Cognitive reassurance

I’ve not posted a blog for a long time, but I think it’s important to write something when the mood strikes me. I think I got out of the habit of writing when I felt like my blog was becoming a site for preaching my ideas in a time where I became to understand myself a lot more, and found an identity I’m not comfortable “preaching” about.

Something I’ve been thinking about a lot recently, is how our ideas about the world influence how we believe other people think. Ever since I was little, I assumed at some point or another that all of my friends were the same age as me (whether they actually were was another story). This phenomenon has translated to all sorts of other ideologies. I always presume that everyone shares the same mindset that I do, or will suddenly have an epiphany that matches my viewpoint.

The most prominent thought bouncing around my noggin recently has been death… I know, but it’s not what you think. I’ve been thinking about death positivity, and how the western world views death. This may have a lot to do with Caitlin Doughty. If you don’t know who she is, just type “ask a mortician” into Youtube and she’ll introduce herself to you. I’ve been grappling with a definite discomfort about death for a few years now and feel this may be strongly linked to a lack of exposure. So what do I do? Immerse myself in death rituals and death culture from around the world.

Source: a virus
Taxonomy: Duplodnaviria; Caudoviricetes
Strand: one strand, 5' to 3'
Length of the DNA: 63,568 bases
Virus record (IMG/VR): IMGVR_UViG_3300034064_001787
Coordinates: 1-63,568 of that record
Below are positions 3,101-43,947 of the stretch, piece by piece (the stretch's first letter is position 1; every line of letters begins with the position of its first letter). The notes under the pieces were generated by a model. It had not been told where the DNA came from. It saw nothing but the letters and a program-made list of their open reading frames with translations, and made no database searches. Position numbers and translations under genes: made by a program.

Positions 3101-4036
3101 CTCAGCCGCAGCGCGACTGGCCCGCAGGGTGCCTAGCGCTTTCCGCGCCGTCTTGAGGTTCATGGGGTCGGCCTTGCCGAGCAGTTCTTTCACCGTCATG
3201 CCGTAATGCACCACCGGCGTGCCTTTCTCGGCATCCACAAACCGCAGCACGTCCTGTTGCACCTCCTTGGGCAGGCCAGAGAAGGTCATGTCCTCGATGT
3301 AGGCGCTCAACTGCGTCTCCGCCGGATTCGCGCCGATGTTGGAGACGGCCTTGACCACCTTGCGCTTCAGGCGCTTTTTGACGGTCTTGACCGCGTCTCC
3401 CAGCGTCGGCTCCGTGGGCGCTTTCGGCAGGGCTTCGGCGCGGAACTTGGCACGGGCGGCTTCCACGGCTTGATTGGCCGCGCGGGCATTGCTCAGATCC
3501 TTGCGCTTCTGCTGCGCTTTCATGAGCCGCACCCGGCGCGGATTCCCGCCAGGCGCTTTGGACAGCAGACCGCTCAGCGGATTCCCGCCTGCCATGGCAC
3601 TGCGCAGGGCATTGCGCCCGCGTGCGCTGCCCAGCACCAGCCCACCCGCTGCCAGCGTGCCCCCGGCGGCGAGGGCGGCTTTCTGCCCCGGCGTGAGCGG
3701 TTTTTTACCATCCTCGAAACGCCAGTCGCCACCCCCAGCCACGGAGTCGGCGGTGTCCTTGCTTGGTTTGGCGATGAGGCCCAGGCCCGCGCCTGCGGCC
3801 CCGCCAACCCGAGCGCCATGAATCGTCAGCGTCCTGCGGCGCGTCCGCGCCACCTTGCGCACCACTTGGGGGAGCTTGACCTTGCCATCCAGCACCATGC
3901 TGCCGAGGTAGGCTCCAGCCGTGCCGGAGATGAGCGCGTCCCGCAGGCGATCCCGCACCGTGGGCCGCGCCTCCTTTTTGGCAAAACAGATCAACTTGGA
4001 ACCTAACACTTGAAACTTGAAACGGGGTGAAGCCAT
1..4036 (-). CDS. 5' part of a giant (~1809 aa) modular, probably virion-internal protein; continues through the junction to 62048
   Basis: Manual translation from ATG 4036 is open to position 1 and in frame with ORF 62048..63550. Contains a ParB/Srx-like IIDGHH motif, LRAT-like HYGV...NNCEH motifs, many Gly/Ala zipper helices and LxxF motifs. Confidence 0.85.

While this may seem like a bizarre and macabre thing to do, it’s actually quite life affirming and considered very normal in many parts of the globe. I know I’m pretty gothic and weird anyway; I feel more comfortable talking about death and what I want to happen to my body when I die (body farm please)! The real issue here is that I think everyone else has been exploring death and start talking as if they have been thinking about it too. In a way, I believe it’s good to have these conversations with friends and family so they know what to do when you die, but at the same time I keep having to remind myself that it’s totally weird and not everyone thinks the same way I do.

This brings me to the idea of the social media trap. Algorithms have now been set in place over a variety of social media platforms in order to expose you to the information you are most likely to agree with. This is so dangerous. When the Brexit referendum came around in 2016, my Facebook timeline was so filled with people sharing the same viewpoints as me. I was certain we would remain in the EU. I was VERY wrong. The problem with this is you don’t get the other side of the argument; you end up in an echo-chamber. You’re not always right in your opinions and if you don’t get exposed to other viewpoints, you’ll never change your mind.

It also perpetuates this idea that everyone thinks the same way I do, but some of the most interesting conversations you can have is with someone who vehemently disagrees with what you think. My best friend from university has some very strong opinions which completely oppose mine, and she is one of the most interesting people I have ever met. Obviously it’s nice to have like-minded friends too, but if you agree with someone all the time it’s not only boring, but can seriously disillusion you from the real world and actually, is quite a dissatisfying way to live your life.

So I guess my point is, find someone to argue with and play devil’s advocate as much as possible. Try not to get offended. Have deep meaningful conversations and look at other points of view. Do it for your own sanity!

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